Rheumatologists Applaud Long-Awaited Updates to Cognitive Care Reimbursement in Medicare Physician Fee Schedule Final Rule
December 8, 2020 | Advocacy
ATLANTA – The American College of Rheumatology (ACR) today commended the Centers for Medicare & Medicaid Services (CMS) for making long-awaited updates to cognitive care reimbursement in its CY 2021 Medicare Physician Fee Schedule (MPFS) final rule.
The final rule provides much-needed increases in Medicare reimbursement for the evaluation and management (E/M) services provided by rheumatologists and other cognitive care specialties to Medicare beneficiaries. Healthcare services billed under E/M codes include examinations, disease diagnosis, risk assessments and care coordination.
“For many years, Medicare reimbursement did not adequately reflect the time and skill required to provide high-quality cognitive care, including rheumatology care,” said David Karp, MD, PhD, president of the ACR. “These updates are critical to the future of the rheumatology specialty and the continued delivery of high-quality rheumatology care for millions of Medicare beneficiaries.”
In 2018, CMS proposed a code collapse that would have resulted in significant cuts to rheumatology care provided to Medicare beneficiaries. However, after hearing the concerns raised by the patient and specialty provider community, CMS finalized a new proposal that reflects the recommendations of the American Medical Association, the ACR and over 170 other specialty societies and state medical associations.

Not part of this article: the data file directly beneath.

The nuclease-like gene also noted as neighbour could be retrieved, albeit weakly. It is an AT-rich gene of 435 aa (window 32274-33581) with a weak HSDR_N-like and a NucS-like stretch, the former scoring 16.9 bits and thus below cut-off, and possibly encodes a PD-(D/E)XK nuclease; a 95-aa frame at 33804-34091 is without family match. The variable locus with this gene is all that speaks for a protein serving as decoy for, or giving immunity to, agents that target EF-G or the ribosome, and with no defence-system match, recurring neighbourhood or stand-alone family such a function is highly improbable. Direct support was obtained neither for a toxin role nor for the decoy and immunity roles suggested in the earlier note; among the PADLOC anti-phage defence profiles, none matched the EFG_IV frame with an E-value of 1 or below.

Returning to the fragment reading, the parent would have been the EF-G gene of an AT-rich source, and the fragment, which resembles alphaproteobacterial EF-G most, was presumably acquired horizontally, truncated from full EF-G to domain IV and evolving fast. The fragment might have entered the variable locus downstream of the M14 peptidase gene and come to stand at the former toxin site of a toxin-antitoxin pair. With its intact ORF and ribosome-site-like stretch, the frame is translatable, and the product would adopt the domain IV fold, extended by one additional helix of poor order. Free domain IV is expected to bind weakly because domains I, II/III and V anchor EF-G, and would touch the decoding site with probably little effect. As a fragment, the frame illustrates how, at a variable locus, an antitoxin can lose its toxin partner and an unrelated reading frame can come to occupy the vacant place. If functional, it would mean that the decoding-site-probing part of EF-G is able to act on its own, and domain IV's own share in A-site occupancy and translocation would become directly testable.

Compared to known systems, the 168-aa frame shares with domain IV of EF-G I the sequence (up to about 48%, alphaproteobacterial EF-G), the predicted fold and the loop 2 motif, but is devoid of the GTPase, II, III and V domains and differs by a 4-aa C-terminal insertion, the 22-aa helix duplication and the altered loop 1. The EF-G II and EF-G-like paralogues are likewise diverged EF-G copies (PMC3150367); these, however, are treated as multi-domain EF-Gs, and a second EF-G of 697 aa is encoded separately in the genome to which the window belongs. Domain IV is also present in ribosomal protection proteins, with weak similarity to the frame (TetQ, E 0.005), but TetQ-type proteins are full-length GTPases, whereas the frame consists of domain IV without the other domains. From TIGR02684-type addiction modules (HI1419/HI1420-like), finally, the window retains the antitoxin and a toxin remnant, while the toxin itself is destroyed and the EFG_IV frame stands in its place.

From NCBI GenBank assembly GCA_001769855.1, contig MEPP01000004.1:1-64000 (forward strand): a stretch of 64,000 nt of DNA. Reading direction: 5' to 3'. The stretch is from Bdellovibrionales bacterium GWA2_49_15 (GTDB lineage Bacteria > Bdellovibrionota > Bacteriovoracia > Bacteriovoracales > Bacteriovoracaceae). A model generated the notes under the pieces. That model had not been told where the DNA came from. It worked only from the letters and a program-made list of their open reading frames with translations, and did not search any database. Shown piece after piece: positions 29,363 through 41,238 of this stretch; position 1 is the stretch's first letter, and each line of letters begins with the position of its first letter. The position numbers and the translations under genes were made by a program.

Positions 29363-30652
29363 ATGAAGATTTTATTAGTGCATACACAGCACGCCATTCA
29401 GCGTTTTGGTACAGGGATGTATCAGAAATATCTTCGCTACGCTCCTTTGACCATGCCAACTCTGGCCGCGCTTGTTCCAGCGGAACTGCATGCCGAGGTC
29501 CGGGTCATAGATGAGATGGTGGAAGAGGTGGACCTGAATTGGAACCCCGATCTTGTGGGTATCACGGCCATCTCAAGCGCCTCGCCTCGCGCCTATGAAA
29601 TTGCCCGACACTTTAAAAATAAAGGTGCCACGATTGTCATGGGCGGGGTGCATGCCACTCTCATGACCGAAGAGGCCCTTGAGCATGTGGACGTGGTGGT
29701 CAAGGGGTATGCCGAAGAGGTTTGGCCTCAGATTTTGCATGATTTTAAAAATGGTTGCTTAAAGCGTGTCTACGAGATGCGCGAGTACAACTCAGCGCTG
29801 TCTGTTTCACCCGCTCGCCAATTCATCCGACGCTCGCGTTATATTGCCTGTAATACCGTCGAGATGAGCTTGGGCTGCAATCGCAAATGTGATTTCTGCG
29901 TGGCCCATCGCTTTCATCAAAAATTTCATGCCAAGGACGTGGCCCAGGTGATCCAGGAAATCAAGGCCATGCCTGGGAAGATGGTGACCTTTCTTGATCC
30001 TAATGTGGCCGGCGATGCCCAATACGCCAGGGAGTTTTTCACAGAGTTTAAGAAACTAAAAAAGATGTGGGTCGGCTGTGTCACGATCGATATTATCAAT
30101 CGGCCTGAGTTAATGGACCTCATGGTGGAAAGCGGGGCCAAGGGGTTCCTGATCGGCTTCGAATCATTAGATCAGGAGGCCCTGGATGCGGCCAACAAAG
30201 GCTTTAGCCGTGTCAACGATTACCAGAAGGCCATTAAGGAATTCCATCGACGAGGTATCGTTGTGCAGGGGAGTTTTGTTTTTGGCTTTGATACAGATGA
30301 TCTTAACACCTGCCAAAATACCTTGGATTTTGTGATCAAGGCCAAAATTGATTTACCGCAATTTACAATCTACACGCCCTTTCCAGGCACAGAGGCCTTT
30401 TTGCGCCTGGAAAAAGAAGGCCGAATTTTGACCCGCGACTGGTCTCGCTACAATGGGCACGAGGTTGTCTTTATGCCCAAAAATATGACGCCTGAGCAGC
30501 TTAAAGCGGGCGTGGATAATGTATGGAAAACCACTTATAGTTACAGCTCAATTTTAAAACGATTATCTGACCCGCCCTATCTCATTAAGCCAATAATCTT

The reimbursement updates will go into effect on January 1, 2021.
“These E/M improvements are the result of years of advocacy by rheumatologists and patients that educated policymakers about the importance of time spent with patients for chronic disease management,” said Blair Solow, MD, chair of the ACR’s Government Affairs Committee. “We commend CMS for recognizing the value of the care provided by rheumatologists and rheumatology health professionals.”
To ensure that long overdue E/M rate increases do not lead to rate cuts to other medical specialties including physical and occupational therapists, the ACR is also leading advocacy efforts in support of H.R. 8505, legislation that would provide for a one-year waiver of budget neutrality adjustments. In November, the ACR led more than 60 groups in sending a letter to Congressional leaders urging them to support the bipartisan legislation, which was introduced by Representatives Michael Burgess (R-TX) and Bobby Rush (D-IL).
“Budget neutrality via H.R. 8505 is a fair and reasonable approach to ensure needed cognitive care updates are not made at the expense of other specialties. We encourage congressional leaders to swiftly pass this legislation,” said Solow.
About the American College of Rheumatology
Founded in 1934, the American College of Rheumatology (ACR) is a not-for-profit, professional association committed to advancing the specialty of rheumatology that serves nearly 8,500 physicians, health professionals, and scientists worldwide. In doing so, the ACR offers education, research, advocacy and practice management support to help its members continue their innovative work and provide quality patient care. Rheumatology professionals are experts in the diagnosis, management and treatment of more than 100 different types of arthritis and rheumatic diseases.